Modern Workflows for macOS Deployment - Amsys Apple Training

Modern Workflows for macOS Deployment

In recent years Apple has made significant changes to the potential methods for macOS deployment. These changes have a notable impact on medium- to large-scale deployments. In this post we’ll discuss and revisit some of the more modern workflows used.

The Apple position on legacy macOS deployment methods such as imaging are well-documented. Here’s a reminder, in case you missed it:

Apple doesn’t recommend or support monolithic system imaging as an installation method. The system image might not include model-specific information such as firmware updates.

Published Date: September 24, 2018

The good news is, Mac sysadmins now have alternatives. These include using standard Apple installation tools to erase and install or upgrade macOS, with no need for older solutions such as NetBoot and ASR.

In this blog you’ll see some of the options we’ve tested for three specific macOS deployment scenarios:

  • in-place upgrades
  • erase and re-install
  • erase and upgrade

It’s worth mentioning that each of these scenarios requires either the use of Apple’s Automated MDM Enrolment (formerly DEP) or for the administrator to perform some manual steps post-install.

In-place upgrades

There are two ways to approach in-place upgrades: either with user interaction, or without.

With user interaction

There are a couple of options to let users run an in-place upgrade when it suits them:

  • If the users have local admin rights, they can simply download and run the macOS installer from the app store.
  • If the users don’t have local admin rights, you can use a device management tool such as Jamf Pro or Munki to make the installer available (see resources below).

Without user interaction

As the IT administrator, you may want to perform an in-place upgrade of macOS. For the past few versions of macOS, Apple has included a binary called “startosinstall”. This binary, documented in depth here, allows you to trigger the install. With some additional options, you can start the install with no further user interaction:

“/Applications/Install macOS High” –applicationpath
“/Applications/Install macOS” –volume / –nointeraction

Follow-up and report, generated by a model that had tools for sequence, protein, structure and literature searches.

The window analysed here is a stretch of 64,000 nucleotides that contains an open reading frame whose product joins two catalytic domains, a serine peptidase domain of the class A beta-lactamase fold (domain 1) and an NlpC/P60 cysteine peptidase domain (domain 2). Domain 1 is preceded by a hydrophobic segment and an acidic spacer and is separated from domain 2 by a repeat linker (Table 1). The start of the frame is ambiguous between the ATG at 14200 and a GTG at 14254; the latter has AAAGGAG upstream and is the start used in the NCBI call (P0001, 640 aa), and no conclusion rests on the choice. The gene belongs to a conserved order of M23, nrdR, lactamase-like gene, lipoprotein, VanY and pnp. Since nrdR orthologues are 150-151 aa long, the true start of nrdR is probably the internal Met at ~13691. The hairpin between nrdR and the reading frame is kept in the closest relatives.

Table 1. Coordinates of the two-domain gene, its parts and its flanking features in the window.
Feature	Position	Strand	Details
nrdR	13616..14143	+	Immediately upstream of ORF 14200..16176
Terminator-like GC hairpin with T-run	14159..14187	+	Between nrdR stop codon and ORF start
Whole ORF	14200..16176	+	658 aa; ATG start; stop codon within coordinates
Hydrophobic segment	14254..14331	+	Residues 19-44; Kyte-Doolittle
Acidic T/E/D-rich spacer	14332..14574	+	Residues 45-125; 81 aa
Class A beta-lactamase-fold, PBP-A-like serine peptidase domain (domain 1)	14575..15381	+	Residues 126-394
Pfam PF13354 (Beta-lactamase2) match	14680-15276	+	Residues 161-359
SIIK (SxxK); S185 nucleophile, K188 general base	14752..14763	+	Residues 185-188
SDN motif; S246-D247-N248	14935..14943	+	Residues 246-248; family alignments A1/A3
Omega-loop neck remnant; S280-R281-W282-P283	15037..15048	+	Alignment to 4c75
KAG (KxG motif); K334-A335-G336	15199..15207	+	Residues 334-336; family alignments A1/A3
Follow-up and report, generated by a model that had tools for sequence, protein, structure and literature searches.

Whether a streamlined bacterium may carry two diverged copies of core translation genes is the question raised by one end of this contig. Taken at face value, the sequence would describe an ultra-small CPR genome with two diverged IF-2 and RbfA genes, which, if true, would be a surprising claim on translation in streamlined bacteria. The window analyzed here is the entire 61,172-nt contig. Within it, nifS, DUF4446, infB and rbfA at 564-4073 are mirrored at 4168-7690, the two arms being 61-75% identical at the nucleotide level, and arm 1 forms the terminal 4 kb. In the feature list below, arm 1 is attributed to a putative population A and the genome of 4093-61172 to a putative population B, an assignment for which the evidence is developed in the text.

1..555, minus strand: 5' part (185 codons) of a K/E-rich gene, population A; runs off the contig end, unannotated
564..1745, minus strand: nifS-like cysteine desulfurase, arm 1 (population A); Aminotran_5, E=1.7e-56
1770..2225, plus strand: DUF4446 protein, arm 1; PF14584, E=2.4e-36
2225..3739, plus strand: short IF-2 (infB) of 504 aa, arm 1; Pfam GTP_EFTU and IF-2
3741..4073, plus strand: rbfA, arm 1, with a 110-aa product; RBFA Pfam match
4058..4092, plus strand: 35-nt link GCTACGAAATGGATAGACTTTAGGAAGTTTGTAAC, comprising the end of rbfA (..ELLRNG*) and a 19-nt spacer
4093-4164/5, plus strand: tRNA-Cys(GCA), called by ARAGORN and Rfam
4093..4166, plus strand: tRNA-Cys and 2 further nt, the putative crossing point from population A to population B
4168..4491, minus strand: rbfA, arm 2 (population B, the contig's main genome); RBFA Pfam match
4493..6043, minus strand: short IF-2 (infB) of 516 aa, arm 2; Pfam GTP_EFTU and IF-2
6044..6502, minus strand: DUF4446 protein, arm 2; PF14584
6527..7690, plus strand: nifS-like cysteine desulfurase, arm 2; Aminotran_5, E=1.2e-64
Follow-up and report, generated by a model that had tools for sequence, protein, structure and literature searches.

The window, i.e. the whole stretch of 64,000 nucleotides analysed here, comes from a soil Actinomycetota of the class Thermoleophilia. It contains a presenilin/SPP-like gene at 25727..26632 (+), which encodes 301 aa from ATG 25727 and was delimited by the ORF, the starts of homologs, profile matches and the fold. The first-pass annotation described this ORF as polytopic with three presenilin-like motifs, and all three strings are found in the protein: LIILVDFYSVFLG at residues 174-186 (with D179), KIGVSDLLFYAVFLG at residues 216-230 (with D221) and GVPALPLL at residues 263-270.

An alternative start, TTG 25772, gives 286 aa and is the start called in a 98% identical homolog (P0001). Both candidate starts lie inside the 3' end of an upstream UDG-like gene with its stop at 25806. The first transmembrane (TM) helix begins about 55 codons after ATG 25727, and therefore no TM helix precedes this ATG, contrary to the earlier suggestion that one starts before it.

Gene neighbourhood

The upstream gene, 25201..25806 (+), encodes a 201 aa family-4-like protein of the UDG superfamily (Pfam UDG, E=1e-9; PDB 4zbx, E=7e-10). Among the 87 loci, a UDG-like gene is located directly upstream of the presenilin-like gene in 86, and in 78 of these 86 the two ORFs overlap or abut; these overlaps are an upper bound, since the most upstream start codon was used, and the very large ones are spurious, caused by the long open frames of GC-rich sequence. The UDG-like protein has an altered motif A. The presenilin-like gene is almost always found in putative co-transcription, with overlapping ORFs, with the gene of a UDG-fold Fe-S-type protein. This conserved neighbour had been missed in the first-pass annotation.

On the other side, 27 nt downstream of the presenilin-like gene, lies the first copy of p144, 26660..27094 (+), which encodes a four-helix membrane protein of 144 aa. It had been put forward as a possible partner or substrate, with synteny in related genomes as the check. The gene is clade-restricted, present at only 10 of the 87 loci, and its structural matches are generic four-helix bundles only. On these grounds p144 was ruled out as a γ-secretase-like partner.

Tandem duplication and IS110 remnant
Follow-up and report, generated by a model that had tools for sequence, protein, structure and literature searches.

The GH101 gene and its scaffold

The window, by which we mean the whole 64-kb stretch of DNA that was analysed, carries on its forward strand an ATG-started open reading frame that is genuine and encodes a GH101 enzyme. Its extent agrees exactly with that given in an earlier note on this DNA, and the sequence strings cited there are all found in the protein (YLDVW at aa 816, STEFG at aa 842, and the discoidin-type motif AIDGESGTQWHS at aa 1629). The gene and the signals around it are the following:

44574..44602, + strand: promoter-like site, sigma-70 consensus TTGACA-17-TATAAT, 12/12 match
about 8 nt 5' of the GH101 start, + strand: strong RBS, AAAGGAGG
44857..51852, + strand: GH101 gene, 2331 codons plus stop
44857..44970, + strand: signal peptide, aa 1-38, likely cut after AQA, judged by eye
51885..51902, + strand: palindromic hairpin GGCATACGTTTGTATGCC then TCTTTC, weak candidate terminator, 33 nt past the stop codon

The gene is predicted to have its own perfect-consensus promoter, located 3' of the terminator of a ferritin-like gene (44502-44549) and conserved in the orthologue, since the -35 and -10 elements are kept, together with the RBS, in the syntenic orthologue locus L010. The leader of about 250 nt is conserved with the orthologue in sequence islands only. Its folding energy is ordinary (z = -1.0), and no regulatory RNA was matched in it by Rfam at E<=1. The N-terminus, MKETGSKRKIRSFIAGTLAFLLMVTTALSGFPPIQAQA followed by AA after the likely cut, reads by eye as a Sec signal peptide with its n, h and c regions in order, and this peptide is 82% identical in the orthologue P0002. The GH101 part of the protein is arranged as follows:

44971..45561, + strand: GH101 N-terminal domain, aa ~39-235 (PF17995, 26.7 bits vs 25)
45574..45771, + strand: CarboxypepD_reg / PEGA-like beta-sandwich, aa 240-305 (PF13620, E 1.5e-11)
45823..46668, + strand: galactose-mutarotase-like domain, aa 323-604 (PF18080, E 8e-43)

Other options for the binary can be seen here:

Neils-MacBook-Pro:~ sperringsn$ /Users/sperringsn/OneDrive\ -\ Amsys/Amsys\ Ltd/2019/Amsys\ Courses/Software/Install\ macOS\ —usage
Usage: startosinstall

Arguments —license, prints the user license agreement only.
—agreetolicense, agree to the license you printed with —license.
—rebootdelay, how long to delay the reboot at the end of preparing. This delay is in seconds and has a maximum of 300 (5 minutes).
—pidtosignal, Specify a PID to which to send SIGUSR1 upon completion of the prepare phase. To bypass “rebootdelay” send SIGUSR1 back to startosinstall.
—installpackage, the path of a package (built with productbuild(1)) to install after the OS installation is complete; this option can be specified multiple times.
—eraseinstall, (Requires APFS) Erase all volumes and install to a new one. Optionally specify the name of the new volume with —newvolumename.
—newvolumename, the name of the volume to be created with —eraseinstall.
—preservecontainer, preserves other volumes in your APFS container when using —eraseinstall.
—usage, prints this message.

Example: startosinstall
Neils-MacBook-Pro:~ sperringsn$

Erase and install/upgrade

Education institutions and some businesses have a need to erase and cleanly
deploy groups of Mac computers. You can achieve this with a few solutions that
leverage the Recovery partition and Internet Recovery, depending on your goals.

The three scenarios we tested were:

  • Erase the Mac and re-install the same operating system
  • Erase the Mac and deploy the OS that it originally shipped with
  • Erase the Mac and upgrade to a newer operating system

Scenario 1: Erase the Mac and re-install the same operating system

This can be achieved with the built-in Recovery partition, which will match
the currently installed operating system. The high-level steps are:

  1. Restart the Mac and hold down “Command-R” to boot to the built-in Recovery partition
  2. Once booted, launch Disk Utility and erase the Macintosh HD volume
  3. Proceed with a standard macOS install

Scenario 2: Erase and deploy the OS that was originally shipped with the Mac (requires 10.12.4 or higher)


This method was introduced via a firmware update when you upgrade to 10.12.4 or higher. It gives you the ability to reset a Mac to the OS that it was originally shipped with, thereby returning it to “out-of-the-box” configuration.

Scenario 3: Erase the Mac and upgrade to a newer operating system

This last scenario gets a little tricky. If you use the built-in Recovery partition, you’ll get the OS that is already installed on your Mac. If, for example, you are currently running 10.11 and want to erase and install 10.12, you would have to first upgrade the OS to 10.12, then boot to recovery, erase and re-install the OS a second time.


Using command-option-R will “Upgrade to the latest macOS that is compatible with your Mac” ( But in the fine print it also states that “If you haven’t already installed macOS Sierra 10.12.4 or later, Option-Command-R reinstalls the macOS that came with your Mac, or the version closest to it that is still available.”

Other techniques we tested

Creating an install partition using createinstallmedia

The intention here is to pre-load the necessary installation files, which speeds up the overall installation process.

The basic process involves resizing the Macintosh HD, creating a new 12GB partition, and then running createinstallmedia to build the install partition.

Useful resources:

Looking to perfect your macOS deployment skills? See our course list.

This article has been adapted from a post on the website.